How good are films at conveying history? Ask any history teacher and you'll probably get a pretty negative response. Films are there to entertain and they distort the truth considerably in doing so. Look at the Elizabeth I films starring Cate Blanchett, or Mel Gibson’s anti-English diatribe of a movie, Braveheart. Entertaining, certainly, but as representations of historical fact? Garbage!
Yet before dismissing historical films too quickly, we should also be aware of how they can engage the reluctant – and not so reluctant – learner. Using extracts of films in lessons is a tactic that’s as old as, well, the arrival of video recorders in classrooms. We use them to bring the era we're teaching to life, to engage the students via a medium with which they are keenly familiar, to provoke discussion. Historical films can be immensely annoying to us pedants but they can also be a fantastic springboard for discussion and further work.
Take, for example, Thirteen Days, the Kevin Costner vehicle about the Cuban missile crisis of 1962. The film shows the claustrophobic intensity of the build-up to the crisis within the White House. It highlights the ongoing problems for the Kennedy administration of not being able to communicate with the Kremlin. It illuminates president John F Kennedy’s moral dilemma in identifying a solution. It also conveys a daunting sense of imminent Armageddon if anything goes wrong. In all these respects, the film is excellent.
Set against that, however, are undeniable flaws. Costner’s character Kenny O’Donnell was in reality nowhere near the decision-making during the crisis, despite being front and centre throughout the film, and the US military chiefs are portrayed as cartoonishly hawkish. The real reason for Nikita Khrushchev’s eventual conciliation – fear of invasion by a vastly superior US military – is absent from the film, as is the role of vice-president Lyndon Johnson who chaired several Excomm meetings with skill. United Nations ambassador Adlai Stevenson, too, did not need any spine-stiffening from Costner’s character before his bravura performance in the Security Council.
The film is very watchable – although very long – and even contains scenes taken direct from the time, such as Walter Cronkite’s news reports. But it is certainly not an accurate view of the Cuban missile crisis.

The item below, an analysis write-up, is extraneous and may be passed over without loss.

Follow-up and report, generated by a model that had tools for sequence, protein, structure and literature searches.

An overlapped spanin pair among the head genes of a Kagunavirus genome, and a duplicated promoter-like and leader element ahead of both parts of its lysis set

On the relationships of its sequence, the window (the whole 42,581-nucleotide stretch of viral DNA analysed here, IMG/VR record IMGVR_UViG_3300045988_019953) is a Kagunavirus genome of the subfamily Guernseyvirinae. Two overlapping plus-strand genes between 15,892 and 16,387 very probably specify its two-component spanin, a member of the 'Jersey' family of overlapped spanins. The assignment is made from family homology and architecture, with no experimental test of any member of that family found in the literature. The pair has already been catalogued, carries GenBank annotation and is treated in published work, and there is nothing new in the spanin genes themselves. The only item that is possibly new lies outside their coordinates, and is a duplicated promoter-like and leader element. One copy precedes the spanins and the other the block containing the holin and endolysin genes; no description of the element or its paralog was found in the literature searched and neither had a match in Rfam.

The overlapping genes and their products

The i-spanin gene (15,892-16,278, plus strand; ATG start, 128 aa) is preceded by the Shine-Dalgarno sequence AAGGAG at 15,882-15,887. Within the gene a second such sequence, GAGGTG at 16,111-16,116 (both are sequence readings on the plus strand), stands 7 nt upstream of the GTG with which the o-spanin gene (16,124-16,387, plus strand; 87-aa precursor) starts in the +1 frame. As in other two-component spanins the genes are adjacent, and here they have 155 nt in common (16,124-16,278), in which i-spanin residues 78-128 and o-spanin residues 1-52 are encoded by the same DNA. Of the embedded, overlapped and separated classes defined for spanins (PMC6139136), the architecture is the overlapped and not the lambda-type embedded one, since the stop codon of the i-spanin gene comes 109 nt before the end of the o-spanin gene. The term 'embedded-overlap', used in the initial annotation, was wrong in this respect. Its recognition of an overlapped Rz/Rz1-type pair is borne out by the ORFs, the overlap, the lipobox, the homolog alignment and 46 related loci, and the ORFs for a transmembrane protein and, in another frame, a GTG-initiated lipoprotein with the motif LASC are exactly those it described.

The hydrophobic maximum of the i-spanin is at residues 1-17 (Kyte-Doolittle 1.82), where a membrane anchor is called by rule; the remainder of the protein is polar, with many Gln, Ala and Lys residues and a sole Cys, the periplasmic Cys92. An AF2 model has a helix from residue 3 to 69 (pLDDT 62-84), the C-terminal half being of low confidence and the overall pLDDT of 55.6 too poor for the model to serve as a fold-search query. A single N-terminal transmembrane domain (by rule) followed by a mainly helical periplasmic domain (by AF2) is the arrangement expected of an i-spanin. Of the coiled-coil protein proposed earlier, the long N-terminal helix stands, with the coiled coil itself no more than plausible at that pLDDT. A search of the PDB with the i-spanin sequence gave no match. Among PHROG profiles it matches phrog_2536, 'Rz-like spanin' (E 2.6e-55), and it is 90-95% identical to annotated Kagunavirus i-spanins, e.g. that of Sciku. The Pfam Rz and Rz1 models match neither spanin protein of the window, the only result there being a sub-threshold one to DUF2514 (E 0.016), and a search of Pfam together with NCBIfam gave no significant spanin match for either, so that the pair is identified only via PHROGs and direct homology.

Then there is the Second World War drama Valkyrie. Based on the Claus von Stauffenberg plot that nearly succeeded in killing Hitler, the film opened against a backdrop of controversy that stemmed from the von Stauffenberg family’s unhappiness at Cruise’s distinct dissimilarity from the legendary colonel.
It’s true that Cruise is too short and too unblond for the part, but he actually gives a terrific performance, and the film itself sticks far more closely to the actual sequence of events than I would have imagined. Valkyrie opens students up to an aspect of Nazi history that has recently become a key element in GCSE courses such as that offered by AQA, and does so with historical aplomb. Although it does not go very deeply into the varied motives of von Stauffenberg’s diverse associates and some characters are rather superficially portrayed, it is a gripping and worthwhile film as a whole.
As well as Cruise, Kenneth Branagh gives a great performance as the perennial Hitler assassination plotter General von Tresckow, and Bill Nighy is terrific as the vacillating General Olbricht. The eventual outcome is never in doubt, but this does not stop the viewer's tension building – or a completely irrational desire to urge on von Stauffenberg and his co-conspirators. The film certainly raises questions as to how the conspiracy might have succeeded in overthrowing the regime even if it failed to kill Hitler; it also highlights the need for determined, decisive action in the face of great odds. Von Stauffenberg himself didn’t lack nerve, but some of the conspirators in Berlin, required to get the coup moving as fast as possible, suffered from a fatal indecisiveness.
Neither of these films pass muster as accurate history but they do something else instead. By tailoring reality to suit the demands of the film-makers – whether these be historiographical (as in the case of Thirteen Days, determined to portray a triumph of liberalism as embodied in the Kennedys) or dramatic (as with the casting and blurring of some events in Valkyrie) – they provoke discussion on the part of the intelligent viewer.
There can be few greater incentives to get down and dirty in the research of particular historical events than the desire to prove how the Hollywood storytellers have got something wrong. It appeals to our inner pedant, and as such is a positive tool with which to move students forward. Although I'm less sure about whether we can show the whole film in class, rather than set it as much-appreciated homework.
Giles Marshall teaches history in a London grammar school